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Lasting Power of Attorney


What is a Lasting Power of Attorney?

Lasting Power of AttorneyOfficially referred to as a ‘Lasting Power of Attorney’ (LPA), this is a legal document that lets you appoint someone that you trust to make decisions about your health and welfare or your property and financial affairs. The person who you trust to have this power is legally known as your ‘attorney’. You can have more than one attorney and can have a replacement attorney to act in the event that that your original attorney is no longer able to.

Attorneys can make decisions for you when you no longer wish to, or when you lack the mental capacity to do so. An Lasting Power of Attorney cannot be used until it is registered with the Office of the Public Guardian and cannot be made unless the donor is over the age of 18 and has ‘mental capacity’ at the time when the LPA is being made.

There are two different kinds of LPA, one for Health & Welfare and one for Property & Financial Affairs. You can use the Health & Welfare Lasting Power of Attorney to give an attorney the power to make decisions about things like your medical care, moving into a care home or life-sustaining treatment. This LPA can only be used when you’re unable to make your own decisions. The Property & Financial Affairs LPA can be used to give an attorney the power to make decisions about, for example, managing a bank account, paying bills, collecting benefits or a pension or selling your home. This LPA can be used as soon as it’s registered, with your permission.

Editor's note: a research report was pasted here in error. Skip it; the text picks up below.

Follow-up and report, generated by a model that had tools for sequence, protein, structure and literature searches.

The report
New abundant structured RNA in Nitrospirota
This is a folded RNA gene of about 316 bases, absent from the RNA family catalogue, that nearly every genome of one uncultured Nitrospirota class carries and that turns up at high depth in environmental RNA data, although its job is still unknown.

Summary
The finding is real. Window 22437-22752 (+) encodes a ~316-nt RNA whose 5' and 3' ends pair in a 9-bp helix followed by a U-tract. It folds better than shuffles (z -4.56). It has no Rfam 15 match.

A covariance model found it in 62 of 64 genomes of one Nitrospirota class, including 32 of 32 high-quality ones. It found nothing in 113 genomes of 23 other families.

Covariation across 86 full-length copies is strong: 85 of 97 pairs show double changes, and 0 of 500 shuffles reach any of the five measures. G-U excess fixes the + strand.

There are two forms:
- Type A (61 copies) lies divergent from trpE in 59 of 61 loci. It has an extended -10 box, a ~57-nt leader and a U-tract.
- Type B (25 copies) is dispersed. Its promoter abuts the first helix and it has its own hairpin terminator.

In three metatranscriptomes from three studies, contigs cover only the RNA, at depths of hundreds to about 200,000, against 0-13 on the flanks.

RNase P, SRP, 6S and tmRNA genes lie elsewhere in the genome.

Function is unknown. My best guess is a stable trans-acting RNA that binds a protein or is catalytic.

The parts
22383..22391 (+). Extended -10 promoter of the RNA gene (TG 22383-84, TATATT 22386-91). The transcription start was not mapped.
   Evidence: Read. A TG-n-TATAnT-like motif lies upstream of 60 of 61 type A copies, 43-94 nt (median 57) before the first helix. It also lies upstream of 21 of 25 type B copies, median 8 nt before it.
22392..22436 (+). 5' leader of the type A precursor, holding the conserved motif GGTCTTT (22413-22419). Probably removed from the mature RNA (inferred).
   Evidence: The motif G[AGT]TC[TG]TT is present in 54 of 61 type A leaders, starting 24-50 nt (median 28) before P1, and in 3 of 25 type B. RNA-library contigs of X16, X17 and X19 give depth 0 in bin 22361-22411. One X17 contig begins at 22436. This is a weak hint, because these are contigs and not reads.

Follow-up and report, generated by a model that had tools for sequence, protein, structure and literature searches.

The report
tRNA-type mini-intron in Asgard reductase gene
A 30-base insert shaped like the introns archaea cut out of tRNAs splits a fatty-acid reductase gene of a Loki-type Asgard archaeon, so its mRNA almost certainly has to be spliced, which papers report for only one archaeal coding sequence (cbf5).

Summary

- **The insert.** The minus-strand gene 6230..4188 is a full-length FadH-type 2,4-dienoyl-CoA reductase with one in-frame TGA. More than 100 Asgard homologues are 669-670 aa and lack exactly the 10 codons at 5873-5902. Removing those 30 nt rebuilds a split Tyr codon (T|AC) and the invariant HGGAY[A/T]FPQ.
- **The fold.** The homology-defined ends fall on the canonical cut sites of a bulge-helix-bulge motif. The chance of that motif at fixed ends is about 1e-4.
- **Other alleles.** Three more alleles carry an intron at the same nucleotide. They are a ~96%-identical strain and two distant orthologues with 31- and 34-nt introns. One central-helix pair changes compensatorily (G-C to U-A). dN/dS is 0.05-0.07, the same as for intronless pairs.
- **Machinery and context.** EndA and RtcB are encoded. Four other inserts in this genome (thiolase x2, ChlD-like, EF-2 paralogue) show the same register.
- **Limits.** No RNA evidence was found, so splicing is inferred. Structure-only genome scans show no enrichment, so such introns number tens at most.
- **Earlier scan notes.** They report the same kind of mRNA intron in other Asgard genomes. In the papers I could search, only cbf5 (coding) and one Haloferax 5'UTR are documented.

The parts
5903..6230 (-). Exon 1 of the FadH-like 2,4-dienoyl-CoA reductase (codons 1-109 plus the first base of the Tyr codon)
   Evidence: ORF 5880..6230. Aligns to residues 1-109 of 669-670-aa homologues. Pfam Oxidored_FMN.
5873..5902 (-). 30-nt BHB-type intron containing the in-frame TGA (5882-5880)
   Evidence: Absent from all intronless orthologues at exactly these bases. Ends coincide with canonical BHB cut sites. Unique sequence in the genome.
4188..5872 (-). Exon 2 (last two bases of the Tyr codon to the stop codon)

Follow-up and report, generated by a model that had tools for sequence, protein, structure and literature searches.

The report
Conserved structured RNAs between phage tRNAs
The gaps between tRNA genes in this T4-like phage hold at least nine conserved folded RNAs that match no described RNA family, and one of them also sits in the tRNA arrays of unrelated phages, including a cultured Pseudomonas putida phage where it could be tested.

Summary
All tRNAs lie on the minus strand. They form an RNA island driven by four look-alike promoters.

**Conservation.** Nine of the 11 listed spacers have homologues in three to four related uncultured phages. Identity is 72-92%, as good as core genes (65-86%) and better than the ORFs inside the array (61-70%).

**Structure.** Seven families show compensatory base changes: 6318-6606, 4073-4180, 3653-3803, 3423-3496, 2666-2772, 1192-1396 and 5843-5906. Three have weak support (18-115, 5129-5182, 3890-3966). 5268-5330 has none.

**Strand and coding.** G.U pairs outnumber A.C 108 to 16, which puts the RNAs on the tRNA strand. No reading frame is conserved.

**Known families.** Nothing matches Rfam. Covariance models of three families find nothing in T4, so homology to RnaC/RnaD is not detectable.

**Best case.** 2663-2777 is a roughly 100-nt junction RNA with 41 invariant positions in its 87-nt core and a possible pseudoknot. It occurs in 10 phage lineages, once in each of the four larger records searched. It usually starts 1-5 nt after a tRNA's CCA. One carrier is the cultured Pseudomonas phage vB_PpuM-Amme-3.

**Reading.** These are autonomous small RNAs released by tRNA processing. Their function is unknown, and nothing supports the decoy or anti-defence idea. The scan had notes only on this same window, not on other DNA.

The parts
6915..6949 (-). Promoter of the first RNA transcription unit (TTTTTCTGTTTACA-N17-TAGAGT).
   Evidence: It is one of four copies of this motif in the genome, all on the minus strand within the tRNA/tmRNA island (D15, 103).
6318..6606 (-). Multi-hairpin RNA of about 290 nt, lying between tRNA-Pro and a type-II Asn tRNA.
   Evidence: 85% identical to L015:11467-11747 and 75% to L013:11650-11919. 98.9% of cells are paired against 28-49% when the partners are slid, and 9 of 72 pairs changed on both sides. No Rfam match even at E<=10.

You can choose to have one type of LPA or both, but each kind of LPA needs to be completed and registered separately. There is a registration fee of £110 for each LPA and this is payable to the Office of the Public Guardian. In certain circumstances donors might be exempt from this fee or may be offered a fee reduction.

You can end or change your LPA even if it’s been registered, as long as you still have mental capacity. You can also complain if you have concerns about your attorney, for example they’re not carrying out their responsibilities properly. An LPA does not allow someone to draft a Will on your behalf or to make changes to your Will

For more information on the different types of LPA, what mental capacity is, or fee exemptions please do not hesitate to contact us.